The ultimate sacrifice

Before and after the ultimate sacrifice ….

Prince Wetsandon’s children are hiding in the lotus pond
Text and pictures@SJON HAUSER
Figure 1: A mural in the wihan of the village temple of San Pa Tueng village, Mae Rim District, Chiang Mai.

In most of northern Thailand’s temples, paintings similar to the one above can be found among the murals that decorate the walls. They show a pond in a forested mountain setting, with one or two children hiding under the large leaves of the lotus plants that thrive there. Usually, a man is seen at the edge of the pond, caressing one of the children who has just left the water.
These murals depict a famous, dramatic scene of the Wetsandon Chadok (in Pali: Vessantara Jataka), one of the more than 550 ‘birth stories’ (jatakas) of the Buddha. For Thai Buddhists it is by far the most famous and popular of all the ‘legends’ about the previous existences of the Buddha before he was finally reborn as Prince Siddhartha and attained enlightenment to reach Nirwana—never to be reborn again.
The Vessantara Jataka is the story about Prince Wetsandon (in Pali: Vessantara) who perfected the practice of than (in Pali: dana), ‘giving away’, a highly appreciated virtue which expresses both compassion and non-attachment. Actually, no Buddhist text has been so influential and sacred in Thailand as the Vessantara Jatakata. From the early Ayutthaya period to far into the 19th century its popularity was paramount. But during the reign of King Mongkut (1851-1868) the court in Bangkok started to downgrade the text’s and importance (Jory, 2016). However, beyond the control of the Thai court, e.g. in the periphery of Siam (now Thailand), the popularity of the story has never diminished. Most temples are still decorated with murals and woodcarvings that show scenes from the story. And ‘unlike the majority of Buddhist scripture, which was accessible only to Buddhist monks and pious laity literate in Pali, the Vessantara Jataka was a performative text. The principal means by which [..it] became known to Theravada Buddhist communities throughout mainland Southeast Asia was the ceremonial recitation of the text in the vernacular—known in Thai as the Thet Maha Chat [“Recitation of the Great Incarnation”]. The ceremony, which in some Thai villages used to last up to seven days, has traditionally been held annually in every region of the country and among all of Thailand’s Buddhist ethnic minorities.’ (Jory, 2016: 10).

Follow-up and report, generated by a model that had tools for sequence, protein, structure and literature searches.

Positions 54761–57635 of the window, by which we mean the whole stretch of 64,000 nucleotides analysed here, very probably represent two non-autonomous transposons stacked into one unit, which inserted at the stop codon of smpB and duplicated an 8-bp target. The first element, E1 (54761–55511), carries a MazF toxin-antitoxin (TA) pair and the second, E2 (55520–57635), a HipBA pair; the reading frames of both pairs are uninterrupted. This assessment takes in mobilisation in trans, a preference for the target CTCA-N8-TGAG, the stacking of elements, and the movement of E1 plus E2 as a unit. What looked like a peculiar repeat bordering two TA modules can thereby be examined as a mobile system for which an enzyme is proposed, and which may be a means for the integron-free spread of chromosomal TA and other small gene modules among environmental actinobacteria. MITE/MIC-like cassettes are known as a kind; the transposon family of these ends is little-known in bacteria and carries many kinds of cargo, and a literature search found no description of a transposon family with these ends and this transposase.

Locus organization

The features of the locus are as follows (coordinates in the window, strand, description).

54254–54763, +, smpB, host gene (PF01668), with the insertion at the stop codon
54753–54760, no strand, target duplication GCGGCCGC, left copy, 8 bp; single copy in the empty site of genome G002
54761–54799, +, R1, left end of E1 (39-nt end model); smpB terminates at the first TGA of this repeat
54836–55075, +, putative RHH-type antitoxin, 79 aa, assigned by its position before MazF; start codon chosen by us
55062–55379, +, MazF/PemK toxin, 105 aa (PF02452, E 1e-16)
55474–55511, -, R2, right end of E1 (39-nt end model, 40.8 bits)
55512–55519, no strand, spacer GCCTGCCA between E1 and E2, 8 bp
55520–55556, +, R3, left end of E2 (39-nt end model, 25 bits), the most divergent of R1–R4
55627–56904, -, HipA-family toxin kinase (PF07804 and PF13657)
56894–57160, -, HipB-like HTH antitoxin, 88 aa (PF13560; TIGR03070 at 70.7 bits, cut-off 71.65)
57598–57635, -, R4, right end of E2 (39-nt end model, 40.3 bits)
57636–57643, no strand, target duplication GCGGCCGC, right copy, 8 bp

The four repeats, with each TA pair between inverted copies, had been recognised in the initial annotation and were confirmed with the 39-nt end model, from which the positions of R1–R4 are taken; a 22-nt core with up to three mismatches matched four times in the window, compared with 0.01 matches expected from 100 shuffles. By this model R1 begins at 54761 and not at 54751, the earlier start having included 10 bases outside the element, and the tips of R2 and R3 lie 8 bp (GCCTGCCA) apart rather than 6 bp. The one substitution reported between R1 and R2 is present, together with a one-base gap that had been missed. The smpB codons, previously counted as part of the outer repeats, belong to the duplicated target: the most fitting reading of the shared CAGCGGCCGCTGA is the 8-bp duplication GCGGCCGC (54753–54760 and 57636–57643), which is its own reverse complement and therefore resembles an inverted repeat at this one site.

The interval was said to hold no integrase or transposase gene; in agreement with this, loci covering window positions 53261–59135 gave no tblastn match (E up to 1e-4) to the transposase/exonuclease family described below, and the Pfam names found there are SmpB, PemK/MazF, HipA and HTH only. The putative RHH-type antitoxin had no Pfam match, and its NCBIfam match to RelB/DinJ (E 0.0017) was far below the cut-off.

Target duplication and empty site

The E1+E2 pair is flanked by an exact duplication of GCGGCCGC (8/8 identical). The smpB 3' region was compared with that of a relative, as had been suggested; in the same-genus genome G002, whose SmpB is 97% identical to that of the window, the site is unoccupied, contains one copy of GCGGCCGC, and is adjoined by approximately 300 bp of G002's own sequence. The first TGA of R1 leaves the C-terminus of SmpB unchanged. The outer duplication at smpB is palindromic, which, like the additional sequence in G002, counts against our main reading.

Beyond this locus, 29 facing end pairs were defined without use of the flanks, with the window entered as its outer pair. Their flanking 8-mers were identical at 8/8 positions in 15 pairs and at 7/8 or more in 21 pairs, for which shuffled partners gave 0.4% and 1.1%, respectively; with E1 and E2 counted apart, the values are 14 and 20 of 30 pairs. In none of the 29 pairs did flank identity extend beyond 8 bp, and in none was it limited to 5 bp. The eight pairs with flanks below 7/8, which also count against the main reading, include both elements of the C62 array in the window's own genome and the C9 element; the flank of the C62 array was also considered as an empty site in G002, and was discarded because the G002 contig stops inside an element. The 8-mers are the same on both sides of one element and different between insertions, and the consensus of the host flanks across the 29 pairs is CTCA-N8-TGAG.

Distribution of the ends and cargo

In much of the Thai countryside these recitations are still popular, often at the end of the Buddhist Lent. What’s more, during King Bhumibol’s long reign (1946-2016), the court’s policy of downgrading the importance the story, was revoked, and instead, the Thet Maha Chat was promoted to revive Thai cultural traditions and to boost the charisma of the Thai monarchy.

This post will focus on a number of crucial episodes of the story and how they are illustrated in Thai temple art.

The story of the Vessantara Jataka
During his life, Prince Wetsandon is leading a virtuous life, in particular by intensively practicing the virtue of dana. After ascending the throne of the Kingdom of Sivi, the young king is visited by a mission from a neighboring country where the people suffer starvation due to severe drought. The foreigners ask for the king’s white (albino) elephant, which is believed to be a living palladium that brings plentiful rain and fertility to the fields. Without hesitation the generous, open-handed king gives away his country’s much venerated elephant to be taken home by the visitors. This act of great unselfishness angers the king’s subordinates, who fear that the absence of the animal may cause suffering to the farmers. Therefore, they convince the former king, Sonchai, Wetsandon’s father, to resume control of the kingdom and to banish his son.
Before prince Wetsandon goes into exile, he gives away all his possessions (the “great gift of the seven hundreds”). His devote wife princess Matsi (in Pali: Maddi) and his two little children, Chali and Kanha, follow him in exile. During the long trip to a remote mountain forest, prince Wetsandon also practices dana by giving away his cart drawn by horses. They continue the journey on feet. Crossing the neighboring country of Ceti, its king (Matsi’s father) is greeting the prince and is touched by his story. When Wetsandon is offered the throne of Ceti, he declines. At last, the family reaches their destination, Mount Wongkot (in Pali: Vamka Mountain), far beyond the border of the kingdom from where they came. There, they live in a simple abode that was built for them by the gods and lead the sober life of hermits, living from the fruits and nuts they collect in the forest.